<newton296: the difference between the 2 moves c1 and QxR Is largely pschological.>
If someone had played c1=Q on me, I would have resigned after looking for any salvatory moves and finding nothing better than Qg6+ followed by Qxh6+.
Personally, I don't believe in playing theoretically inferior moves just because they might cause the opponent to resign more quickly. On the contrary, I think in the mid and long term, playing the theoretically best move is psychologically stronger. Even if the opponent plays on for a few moves, the position will soon look all the more hopeless for him (provided you didn't miscalculate).
Furthermore, I also like to play against a variety of computer opponents. Some of them will never resign, and others will resign only when they're in really really deep trouble. c1=Q would cause them to resign more quickly, or force mate more quickly, and thus speed up the game.
<newton296: better to simpify in general as I have been burned with the perp check to many times to count.>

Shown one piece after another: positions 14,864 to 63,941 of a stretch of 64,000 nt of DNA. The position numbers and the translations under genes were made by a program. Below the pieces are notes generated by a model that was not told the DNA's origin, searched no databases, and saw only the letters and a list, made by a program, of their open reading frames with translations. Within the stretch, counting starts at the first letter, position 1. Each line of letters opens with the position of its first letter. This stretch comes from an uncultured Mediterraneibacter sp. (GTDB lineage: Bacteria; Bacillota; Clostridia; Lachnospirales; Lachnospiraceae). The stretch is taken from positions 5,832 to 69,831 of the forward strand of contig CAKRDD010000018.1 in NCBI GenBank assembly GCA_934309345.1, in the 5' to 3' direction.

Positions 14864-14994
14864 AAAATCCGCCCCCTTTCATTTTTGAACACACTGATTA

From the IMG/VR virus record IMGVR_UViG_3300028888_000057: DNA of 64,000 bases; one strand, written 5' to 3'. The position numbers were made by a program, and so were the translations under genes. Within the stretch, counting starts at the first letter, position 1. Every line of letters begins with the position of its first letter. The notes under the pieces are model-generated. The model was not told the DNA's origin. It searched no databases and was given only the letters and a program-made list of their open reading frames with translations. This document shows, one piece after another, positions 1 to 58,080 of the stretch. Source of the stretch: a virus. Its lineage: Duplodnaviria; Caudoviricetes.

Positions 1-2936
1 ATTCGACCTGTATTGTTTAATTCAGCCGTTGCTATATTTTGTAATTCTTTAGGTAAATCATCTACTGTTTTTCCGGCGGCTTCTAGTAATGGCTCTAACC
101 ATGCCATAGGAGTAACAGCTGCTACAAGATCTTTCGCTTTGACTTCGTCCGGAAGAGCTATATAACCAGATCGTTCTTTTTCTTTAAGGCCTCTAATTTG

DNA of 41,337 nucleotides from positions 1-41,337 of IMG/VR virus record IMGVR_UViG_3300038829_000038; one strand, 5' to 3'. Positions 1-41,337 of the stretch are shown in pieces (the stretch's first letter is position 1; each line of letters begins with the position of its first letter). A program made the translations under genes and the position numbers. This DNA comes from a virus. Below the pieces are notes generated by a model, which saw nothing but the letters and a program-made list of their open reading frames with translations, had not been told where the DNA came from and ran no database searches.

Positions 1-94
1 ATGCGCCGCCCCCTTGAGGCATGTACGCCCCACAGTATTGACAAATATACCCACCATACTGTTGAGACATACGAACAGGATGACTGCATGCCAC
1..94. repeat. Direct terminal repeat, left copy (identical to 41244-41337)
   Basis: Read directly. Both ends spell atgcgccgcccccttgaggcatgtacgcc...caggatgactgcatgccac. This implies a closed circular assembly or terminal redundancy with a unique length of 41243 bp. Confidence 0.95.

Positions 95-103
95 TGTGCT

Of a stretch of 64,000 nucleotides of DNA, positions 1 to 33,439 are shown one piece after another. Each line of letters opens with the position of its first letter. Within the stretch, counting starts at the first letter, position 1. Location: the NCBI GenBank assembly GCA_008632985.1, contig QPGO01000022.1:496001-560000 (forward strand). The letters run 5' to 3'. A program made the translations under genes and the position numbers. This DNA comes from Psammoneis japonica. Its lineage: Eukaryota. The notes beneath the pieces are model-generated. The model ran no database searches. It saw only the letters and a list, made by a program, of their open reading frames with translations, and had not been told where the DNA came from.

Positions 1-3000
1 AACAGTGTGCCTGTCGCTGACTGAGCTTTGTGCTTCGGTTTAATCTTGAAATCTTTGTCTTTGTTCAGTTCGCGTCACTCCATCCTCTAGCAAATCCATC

This is a better reason for playing Qxe1+, but on the other hand, I have also managed to hang pieces in won endgames, so in my eyes, it's not a bad idea to invest more time into double-checking an absolutely crushing move like c1=Q if this allows you to bypass the endgame entirely.
|Aug-15-07|| ||fm avari viraf: Black has two winning lines & it is just a matter of choice with which one he would like to give a K.O. The first line is 31...c1=Q 32.Nxf8+ Rxf8 [ not ...Kh8 then 33.Nf7# ] 33.Qg6+ Kh8 34.Nf7+ Rxf7 The second line is sweet & simple 31...Qxe1+ 32.Qxe1 Ne2 & so my choice is the second one.|
|Aug-15-07|| ||chessgames.com: If you come up with a winning move, you can give yourself credit for solving the puzzle. True, one line is easier to understand than the other line, because it's more forcing and therefore there are less variations to work out, but in a case like this we wouldn't take anything away from somebody who zeroed in on what seems to be the more complex solution.|
|Aug-15-07|| ||Skylark: I saw the Qxe1 line first believe it or not. Merely because I was looking for a sac. In a real game I probably would have played c1=Q, although Qxe1 leads to such a simply won endgame that I don't think it really matters either way (ie Qxe1 Qxe1 Ne2 Nxf8 c1=Q Qxc1 Nxc1 being an exchange up and having another passed c-pawn that will rapidly queen).|
But I like flashy things and queen sacrifices are fun :)
|Aug-15-07|| ||Reisswolf: Got this one. Funnily enough, a position with the same essential elements as this one had arisen in one of my recent games, and I was happy to have found the solution over the board.|
< Earlier Kibitzing · PAGE 3 OF 3 ·